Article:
Some politicians from the United States have repeatedly made wanton remarks on Hong Kong affairs recently, grossly interfering in China’s internal affairs. They even blatantly link Hong Kong affairs to China-US economic and trade negotiations, saying that a trade deal would be “very hard if they do violence.”
Linking China’s internal affairs with bilateral economic and trade negotiations not only shows that some US politicians have lost their sense of reason on China-US economic and trade issues, but also exposes their ill intentions to mess up Hong Kong and contain China.
However, these US politicians have miscalculated the situation. China will never allow principle issues to be traded away and will never allow any foreign force to have a hand in Hong Kong affairs. US politicians are doomed to fail with the “Hong Kong card.”
The US has repeatedly encountered opposition from within its country and the world when escalating China-US economic and trade frictions. Now, some US politicians want to create new trouble by meddling in Hong Kong affairs.
As the New York Times pointed out, the US showed greater support for radical demonstrators in Hong Kong “after coming to view the issue as a point of leverage in trade negotiations with China.”
However, these politicians seem to have forgotten that it is an insurmountable bottom line for Chinese diplomacy that the sovereignty issue is non-negotiable. It looks like fool’s talk to expect the world’s second largest economy to trade away its sovereignty.
Since Hong Kong's return to the motherland, Hong Kong’s position as an international finance, shipping and trade center has been consolidated with support from the Chinese central government. Hong Kong has been rated as one of the world's freest economies and the most competitive regions by many international organizations.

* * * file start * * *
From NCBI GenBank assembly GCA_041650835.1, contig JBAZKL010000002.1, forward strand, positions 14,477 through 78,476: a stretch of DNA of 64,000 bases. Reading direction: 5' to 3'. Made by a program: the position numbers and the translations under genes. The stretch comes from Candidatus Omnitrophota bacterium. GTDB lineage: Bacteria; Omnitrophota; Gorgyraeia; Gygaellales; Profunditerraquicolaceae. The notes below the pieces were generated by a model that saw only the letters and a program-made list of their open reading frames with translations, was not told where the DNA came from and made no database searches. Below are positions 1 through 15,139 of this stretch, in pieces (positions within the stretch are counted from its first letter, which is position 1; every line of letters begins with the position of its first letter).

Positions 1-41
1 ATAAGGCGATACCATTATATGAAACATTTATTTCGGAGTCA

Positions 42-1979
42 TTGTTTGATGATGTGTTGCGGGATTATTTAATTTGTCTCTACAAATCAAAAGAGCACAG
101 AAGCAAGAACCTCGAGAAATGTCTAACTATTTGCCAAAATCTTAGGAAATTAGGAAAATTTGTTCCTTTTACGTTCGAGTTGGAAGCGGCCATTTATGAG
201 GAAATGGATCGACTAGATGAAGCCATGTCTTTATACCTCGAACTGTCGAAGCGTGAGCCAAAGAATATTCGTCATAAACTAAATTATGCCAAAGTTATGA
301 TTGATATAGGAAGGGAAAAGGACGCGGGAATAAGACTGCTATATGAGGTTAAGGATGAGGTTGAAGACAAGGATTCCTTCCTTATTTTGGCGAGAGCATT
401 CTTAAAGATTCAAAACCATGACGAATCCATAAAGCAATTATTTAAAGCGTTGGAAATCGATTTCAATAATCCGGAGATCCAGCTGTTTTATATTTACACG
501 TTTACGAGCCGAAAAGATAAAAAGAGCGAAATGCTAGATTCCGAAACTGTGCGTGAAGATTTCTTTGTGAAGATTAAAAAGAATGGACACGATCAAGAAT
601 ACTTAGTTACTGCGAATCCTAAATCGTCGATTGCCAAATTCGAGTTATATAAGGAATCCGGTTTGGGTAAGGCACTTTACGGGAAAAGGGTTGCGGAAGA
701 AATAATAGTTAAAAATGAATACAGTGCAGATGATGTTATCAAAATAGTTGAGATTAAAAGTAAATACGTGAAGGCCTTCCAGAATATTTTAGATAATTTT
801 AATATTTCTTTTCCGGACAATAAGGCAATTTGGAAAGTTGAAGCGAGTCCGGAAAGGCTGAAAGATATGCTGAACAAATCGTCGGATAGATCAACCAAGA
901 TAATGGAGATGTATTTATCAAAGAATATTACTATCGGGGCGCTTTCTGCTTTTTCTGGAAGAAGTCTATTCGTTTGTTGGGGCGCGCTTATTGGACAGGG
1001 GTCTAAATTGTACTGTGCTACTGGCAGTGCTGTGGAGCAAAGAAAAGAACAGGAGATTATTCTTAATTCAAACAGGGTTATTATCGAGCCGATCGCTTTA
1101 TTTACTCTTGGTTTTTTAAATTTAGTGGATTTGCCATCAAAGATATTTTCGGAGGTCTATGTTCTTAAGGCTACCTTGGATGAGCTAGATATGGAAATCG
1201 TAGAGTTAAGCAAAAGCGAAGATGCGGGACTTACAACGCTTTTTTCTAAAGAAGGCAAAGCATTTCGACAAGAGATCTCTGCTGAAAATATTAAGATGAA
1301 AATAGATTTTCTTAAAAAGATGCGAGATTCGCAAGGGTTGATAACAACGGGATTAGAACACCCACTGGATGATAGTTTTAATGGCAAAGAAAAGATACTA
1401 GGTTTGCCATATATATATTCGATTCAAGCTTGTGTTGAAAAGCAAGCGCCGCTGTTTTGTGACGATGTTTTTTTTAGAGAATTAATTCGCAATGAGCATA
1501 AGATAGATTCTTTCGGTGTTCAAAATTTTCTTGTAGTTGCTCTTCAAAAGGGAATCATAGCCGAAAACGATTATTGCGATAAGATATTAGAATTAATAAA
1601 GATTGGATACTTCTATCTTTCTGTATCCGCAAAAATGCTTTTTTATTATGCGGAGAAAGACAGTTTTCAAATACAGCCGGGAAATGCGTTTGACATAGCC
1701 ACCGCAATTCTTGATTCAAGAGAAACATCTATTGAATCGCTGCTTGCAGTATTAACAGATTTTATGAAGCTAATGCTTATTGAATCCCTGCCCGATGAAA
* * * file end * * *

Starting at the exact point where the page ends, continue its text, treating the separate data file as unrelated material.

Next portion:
For Hong Kong, the "one country, two systems" principle is the biggest advantage. Hong Kong integrating into the overall development of the country, participating in building the Belt and Road Initiative and implementing the construction of the Guangdong-Hong Kong-Macao Greater Bay Area are major decisions to ensure Hong Kong's long-term prosperity and stability. Hong Kong's brighter future can be expected.
The downward pressure on the global economy is increasing and market confidence is continuously frustrated. The US not only does things that benefit no one but also increases the volatility and uncertainty of the world economy by interfering in Hong Kong affairs, undermining Hong Kong’s prosperity and stability. What the US does will inevitably arouse strong opposition from the Chinese people, including Hong Kong compatriots and the international community.
Facing repeated provocation from the US side since China-US economic and trade frictions surfaced, China has maintained a rational and restrained attitude all along, upholding its core interests and the fundamental interests of the Chinese people and never compromised on major issues of principle.
Hong Kong is a special administrative region of China. Hong Kong affairs are China's internal affairs. No foreign countries, organizations or individuals have any right to interfere. Mixing Hong Kong affairs and China-US economic and trade negotiations is a serious misjudgment of China’s willpower.
Chinese people do not believe in fallacies, nor are we afraid of evil forces. Chinese people do not stir up troubles, and we are not cowards when involved in some.
No country should expect China to swallow the bitter consequences of undermining national sovereignty, security, and development interests. The Chinese economy is a sea, not a small pond. It has a large space and is tough enough to withstand any shower.
China has not made any concessions without principles on economic and trade issues between China and the US, nor will it do so in the future. The Chinese government is confident in restoring order of Hong Kong under the “one country, two systems” principle. Hong Kong will also shine brightly again as the “Pearl of the Orient.”
It is purely delusional to think about gaining benefits by playing the “Hong Kong card.” Such calculation will be in vain. We warn some US politicians not to misjudge the situation and drift further down the wrong path.
(Compiled by Zhang Jian)